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LegalZoom Charges $699 for Help With Completing Free Government Forms

It’s understandable for New York bankruptcy lawyers to cast a wary eye at LegalZoom, the Internet-based legal services company. Most media portrayals treat it as the innovative new business that disrupts the lawyer-dinosaurs, allowing everyday Americans to obtain cheap legal services without the help of an expensive licensed professional, including drafting wills and even preparing bankruptcy papers.

The lawyers aren’t usually persuasive in their rebuttals. Attorneys in some states have argued that LegalZoom engages in UPL—unauthorized practice of law. They argue that under state law, simply checking to ensure that forms are prepared properly is work that can only be performed in a lawyer’s office, no matter how routine it appears. The response, naturally, is that the lawyers are just making excuses for charging high prices for work high-school graduates could do.

The good news for us lawyers, though, is that BuzzFeed, a publication not known for extensive investigatory reporting, ran an article detailing LegalZoom’s foray into student debt relief, specifically enrolling debtors in federal income-based repayment programs. These programs are free for debtors to enroll in, but LegalZoom is charging as much as $699 to help debtors enroll in these programs and complete the paperwork for them. The cost is similar to what shadier debt relief companies charge.

(At this point, I’ll add that my practice offers free initial consultations, which is common among bankruptcy lawyers.)

BuzzFeed didn’t stop there: Its reporter contacted LegalZoom, posing as a debtor, and went through the process. At no time was the reported told that the forms are free, contrary to LegalZoom’s assertion that his company’s representatives explicitly say otherwise. Perhaps this article will encourage it to improve its practices.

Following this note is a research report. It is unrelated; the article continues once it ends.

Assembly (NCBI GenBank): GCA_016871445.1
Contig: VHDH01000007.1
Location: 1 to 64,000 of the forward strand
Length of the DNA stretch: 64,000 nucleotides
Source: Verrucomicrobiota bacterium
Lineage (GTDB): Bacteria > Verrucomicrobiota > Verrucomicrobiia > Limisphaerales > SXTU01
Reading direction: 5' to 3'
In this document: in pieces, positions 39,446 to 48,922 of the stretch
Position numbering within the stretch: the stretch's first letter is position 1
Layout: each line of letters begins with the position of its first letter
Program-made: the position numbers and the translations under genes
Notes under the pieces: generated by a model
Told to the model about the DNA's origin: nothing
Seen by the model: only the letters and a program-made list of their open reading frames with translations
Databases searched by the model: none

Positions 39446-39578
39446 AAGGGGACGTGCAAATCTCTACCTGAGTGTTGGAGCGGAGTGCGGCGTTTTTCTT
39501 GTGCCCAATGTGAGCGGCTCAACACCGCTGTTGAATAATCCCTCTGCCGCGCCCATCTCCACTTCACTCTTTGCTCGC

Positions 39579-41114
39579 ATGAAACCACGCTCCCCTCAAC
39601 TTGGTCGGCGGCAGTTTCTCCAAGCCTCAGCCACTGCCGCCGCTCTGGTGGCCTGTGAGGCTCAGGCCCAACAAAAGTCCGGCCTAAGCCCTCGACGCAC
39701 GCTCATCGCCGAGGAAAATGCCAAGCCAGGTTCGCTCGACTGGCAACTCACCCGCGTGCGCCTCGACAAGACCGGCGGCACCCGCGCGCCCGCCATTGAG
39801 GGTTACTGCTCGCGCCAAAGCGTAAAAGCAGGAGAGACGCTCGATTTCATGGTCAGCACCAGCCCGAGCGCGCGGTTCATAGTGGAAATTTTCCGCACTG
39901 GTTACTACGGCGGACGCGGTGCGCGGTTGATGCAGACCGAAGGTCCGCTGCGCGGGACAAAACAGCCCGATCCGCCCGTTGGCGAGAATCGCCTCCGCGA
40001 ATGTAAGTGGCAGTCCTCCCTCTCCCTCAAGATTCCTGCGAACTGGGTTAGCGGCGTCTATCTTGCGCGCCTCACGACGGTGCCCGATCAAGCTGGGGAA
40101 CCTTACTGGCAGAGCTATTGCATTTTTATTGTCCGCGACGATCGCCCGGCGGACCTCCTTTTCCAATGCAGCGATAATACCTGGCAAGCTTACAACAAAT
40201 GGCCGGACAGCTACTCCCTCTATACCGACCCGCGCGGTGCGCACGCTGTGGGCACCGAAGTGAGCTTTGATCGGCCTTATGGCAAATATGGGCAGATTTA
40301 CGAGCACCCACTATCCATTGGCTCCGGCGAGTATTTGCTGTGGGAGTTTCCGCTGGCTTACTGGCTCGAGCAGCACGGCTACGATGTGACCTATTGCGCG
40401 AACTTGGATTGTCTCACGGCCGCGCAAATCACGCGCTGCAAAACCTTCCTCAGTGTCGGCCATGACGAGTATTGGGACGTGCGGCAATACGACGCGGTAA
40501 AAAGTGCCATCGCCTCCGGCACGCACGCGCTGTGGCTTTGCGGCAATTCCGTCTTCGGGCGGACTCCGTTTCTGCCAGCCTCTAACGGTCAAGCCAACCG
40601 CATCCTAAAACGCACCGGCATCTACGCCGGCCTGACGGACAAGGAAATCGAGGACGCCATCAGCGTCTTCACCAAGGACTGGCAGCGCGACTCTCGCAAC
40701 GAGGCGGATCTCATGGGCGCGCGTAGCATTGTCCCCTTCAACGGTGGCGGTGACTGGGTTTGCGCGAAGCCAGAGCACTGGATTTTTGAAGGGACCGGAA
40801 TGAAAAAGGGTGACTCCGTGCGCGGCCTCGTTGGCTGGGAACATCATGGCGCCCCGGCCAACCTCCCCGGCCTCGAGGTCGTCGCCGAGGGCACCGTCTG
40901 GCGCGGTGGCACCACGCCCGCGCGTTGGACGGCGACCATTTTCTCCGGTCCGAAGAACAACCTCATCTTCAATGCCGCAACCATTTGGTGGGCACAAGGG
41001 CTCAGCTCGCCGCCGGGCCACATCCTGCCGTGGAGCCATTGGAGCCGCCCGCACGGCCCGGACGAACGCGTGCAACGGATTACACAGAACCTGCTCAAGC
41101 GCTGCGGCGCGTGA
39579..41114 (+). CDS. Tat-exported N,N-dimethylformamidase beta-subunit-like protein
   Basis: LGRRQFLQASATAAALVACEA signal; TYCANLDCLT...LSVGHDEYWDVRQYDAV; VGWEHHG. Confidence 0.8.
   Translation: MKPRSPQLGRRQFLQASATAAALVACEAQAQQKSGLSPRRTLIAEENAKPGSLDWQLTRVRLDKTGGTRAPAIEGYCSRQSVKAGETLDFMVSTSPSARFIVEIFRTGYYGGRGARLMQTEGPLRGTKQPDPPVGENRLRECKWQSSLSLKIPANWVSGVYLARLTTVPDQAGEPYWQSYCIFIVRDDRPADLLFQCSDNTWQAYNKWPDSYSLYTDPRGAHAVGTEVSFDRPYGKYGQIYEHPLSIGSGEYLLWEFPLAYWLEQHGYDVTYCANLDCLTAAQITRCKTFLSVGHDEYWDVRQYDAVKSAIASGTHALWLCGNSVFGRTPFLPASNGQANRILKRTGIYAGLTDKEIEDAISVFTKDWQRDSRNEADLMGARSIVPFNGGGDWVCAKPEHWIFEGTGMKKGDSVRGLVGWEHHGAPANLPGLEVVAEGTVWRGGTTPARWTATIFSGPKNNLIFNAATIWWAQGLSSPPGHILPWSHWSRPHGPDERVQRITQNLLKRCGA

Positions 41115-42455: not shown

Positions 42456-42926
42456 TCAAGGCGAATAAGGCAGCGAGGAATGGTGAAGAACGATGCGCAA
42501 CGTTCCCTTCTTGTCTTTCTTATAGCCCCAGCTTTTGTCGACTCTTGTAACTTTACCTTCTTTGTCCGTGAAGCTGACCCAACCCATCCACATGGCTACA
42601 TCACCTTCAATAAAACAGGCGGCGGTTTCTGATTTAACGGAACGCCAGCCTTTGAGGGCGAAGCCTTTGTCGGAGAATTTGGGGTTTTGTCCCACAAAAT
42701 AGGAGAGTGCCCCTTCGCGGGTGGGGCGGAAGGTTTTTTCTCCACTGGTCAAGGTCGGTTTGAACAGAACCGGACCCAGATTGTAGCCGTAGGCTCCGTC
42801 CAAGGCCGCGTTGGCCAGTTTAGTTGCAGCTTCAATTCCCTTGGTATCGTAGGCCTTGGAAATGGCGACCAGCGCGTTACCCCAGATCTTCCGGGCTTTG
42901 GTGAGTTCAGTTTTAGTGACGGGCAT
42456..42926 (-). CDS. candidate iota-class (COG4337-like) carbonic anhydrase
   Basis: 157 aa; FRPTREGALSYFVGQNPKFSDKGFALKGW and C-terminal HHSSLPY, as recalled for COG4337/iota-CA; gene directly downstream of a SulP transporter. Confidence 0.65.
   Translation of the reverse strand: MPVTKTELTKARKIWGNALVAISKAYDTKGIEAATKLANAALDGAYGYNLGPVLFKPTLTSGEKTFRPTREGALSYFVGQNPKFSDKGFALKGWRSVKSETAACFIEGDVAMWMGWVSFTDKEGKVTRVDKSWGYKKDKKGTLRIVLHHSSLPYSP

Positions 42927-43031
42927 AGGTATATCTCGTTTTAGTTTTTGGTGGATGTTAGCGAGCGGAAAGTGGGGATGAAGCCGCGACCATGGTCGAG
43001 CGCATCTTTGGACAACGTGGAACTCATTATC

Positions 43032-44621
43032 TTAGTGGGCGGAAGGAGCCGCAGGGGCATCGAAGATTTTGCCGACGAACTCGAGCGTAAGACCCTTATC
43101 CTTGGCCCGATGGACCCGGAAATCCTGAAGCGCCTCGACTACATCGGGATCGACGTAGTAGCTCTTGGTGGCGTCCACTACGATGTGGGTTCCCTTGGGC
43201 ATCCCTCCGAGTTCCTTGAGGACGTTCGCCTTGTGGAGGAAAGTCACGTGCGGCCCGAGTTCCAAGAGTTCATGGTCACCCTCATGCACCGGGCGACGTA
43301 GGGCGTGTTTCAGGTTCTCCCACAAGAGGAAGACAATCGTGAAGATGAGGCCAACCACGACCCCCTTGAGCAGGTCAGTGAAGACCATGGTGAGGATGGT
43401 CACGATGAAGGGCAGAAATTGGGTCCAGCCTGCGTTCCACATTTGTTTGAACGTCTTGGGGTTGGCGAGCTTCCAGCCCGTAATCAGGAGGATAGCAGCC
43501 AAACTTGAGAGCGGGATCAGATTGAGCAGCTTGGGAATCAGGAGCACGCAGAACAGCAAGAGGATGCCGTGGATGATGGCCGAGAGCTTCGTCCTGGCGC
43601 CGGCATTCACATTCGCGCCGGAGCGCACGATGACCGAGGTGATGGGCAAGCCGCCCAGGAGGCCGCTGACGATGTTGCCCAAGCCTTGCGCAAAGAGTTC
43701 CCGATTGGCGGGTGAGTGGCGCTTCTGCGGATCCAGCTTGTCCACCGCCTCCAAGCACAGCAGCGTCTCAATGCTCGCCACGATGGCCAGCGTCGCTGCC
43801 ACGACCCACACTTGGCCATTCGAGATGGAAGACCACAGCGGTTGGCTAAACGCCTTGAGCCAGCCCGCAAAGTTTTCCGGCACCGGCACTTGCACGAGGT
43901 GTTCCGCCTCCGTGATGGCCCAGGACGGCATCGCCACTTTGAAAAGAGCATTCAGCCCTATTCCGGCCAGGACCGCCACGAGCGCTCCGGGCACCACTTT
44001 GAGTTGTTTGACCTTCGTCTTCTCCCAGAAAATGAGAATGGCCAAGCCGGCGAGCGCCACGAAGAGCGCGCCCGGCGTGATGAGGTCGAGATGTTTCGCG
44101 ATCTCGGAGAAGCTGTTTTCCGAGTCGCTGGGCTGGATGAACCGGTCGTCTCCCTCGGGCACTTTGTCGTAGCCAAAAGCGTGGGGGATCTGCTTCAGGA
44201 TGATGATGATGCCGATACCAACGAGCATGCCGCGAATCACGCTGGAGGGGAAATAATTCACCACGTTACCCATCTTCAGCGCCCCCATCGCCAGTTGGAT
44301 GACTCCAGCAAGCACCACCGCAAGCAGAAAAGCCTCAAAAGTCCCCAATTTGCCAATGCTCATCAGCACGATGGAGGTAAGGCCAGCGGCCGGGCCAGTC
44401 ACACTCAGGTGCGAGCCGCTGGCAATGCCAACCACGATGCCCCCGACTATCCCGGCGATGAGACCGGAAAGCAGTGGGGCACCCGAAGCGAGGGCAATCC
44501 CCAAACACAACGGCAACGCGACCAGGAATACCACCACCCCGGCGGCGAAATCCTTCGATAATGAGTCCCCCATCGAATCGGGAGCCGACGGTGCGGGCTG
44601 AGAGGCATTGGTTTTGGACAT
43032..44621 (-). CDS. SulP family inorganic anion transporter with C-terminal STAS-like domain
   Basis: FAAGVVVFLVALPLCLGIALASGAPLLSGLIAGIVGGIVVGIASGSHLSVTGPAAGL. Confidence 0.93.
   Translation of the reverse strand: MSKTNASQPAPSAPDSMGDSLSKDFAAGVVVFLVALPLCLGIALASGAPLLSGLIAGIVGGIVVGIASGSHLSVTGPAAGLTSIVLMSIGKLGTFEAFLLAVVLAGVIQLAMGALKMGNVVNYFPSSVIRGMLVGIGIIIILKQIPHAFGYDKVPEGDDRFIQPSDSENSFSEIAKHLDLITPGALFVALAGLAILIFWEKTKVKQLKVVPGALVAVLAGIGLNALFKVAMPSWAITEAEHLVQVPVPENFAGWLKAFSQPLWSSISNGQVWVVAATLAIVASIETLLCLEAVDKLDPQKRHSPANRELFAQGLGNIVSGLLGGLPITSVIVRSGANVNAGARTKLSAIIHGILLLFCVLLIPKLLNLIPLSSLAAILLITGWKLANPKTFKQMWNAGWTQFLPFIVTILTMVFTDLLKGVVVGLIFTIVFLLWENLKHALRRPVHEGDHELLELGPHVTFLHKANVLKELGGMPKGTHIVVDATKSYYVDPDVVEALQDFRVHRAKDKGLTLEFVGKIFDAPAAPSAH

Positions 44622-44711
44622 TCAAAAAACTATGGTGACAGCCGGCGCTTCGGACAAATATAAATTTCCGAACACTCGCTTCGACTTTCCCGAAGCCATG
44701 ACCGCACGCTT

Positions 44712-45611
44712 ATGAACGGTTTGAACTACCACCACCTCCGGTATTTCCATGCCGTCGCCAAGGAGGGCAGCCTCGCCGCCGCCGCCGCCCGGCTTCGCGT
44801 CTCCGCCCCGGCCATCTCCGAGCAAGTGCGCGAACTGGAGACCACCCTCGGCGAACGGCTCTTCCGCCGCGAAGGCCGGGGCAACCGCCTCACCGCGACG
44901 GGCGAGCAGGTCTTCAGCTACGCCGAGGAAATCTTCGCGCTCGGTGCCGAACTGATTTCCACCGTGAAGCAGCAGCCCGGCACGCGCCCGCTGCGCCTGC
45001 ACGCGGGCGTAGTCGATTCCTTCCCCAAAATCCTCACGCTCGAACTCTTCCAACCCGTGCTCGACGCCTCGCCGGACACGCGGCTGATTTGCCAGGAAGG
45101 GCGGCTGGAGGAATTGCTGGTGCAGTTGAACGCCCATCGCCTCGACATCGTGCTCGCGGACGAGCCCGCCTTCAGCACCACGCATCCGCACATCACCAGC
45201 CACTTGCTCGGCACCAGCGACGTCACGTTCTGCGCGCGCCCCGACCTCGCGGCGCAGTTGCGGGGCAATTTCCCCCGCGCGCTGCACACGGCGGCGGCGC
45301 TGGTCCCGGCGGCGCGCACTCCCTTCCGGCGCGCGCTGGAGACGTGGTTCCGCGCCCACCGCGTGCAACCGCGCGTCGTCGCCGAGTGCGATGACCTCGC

Unsurprisingly, the government and nonprofit watchdogs are not amused either. One official complained that no outside help should be necessary, and an attorney with the National Consumer Law Center described the high fees as “troubling.”

You can read the BuzzFeed article here.

Millions of Americans have enrolled in federal loan repayment programs without paying for help—and they’re growing. If you are interested, a good resource to start with is the Department of Education’s Web site. If you have private student loans or substantial non-student-loan debts as well, then talking to a bankruptcy lawyer, for free, can help you assess your options.

For answers to more questions about student loans, bankruptcy, the automatic stay, effective strategies for dealing with foreclosure, and protecting your assets in bankruptcy please feel free to contact experienced bankruptcy attorney in Brooklyn Bruce Weiner for a free initial consultation.

Rosenberg, Musso & Weiner, L.L.P
26 Court St # 2211
Brooklyn, NY 11242, USA

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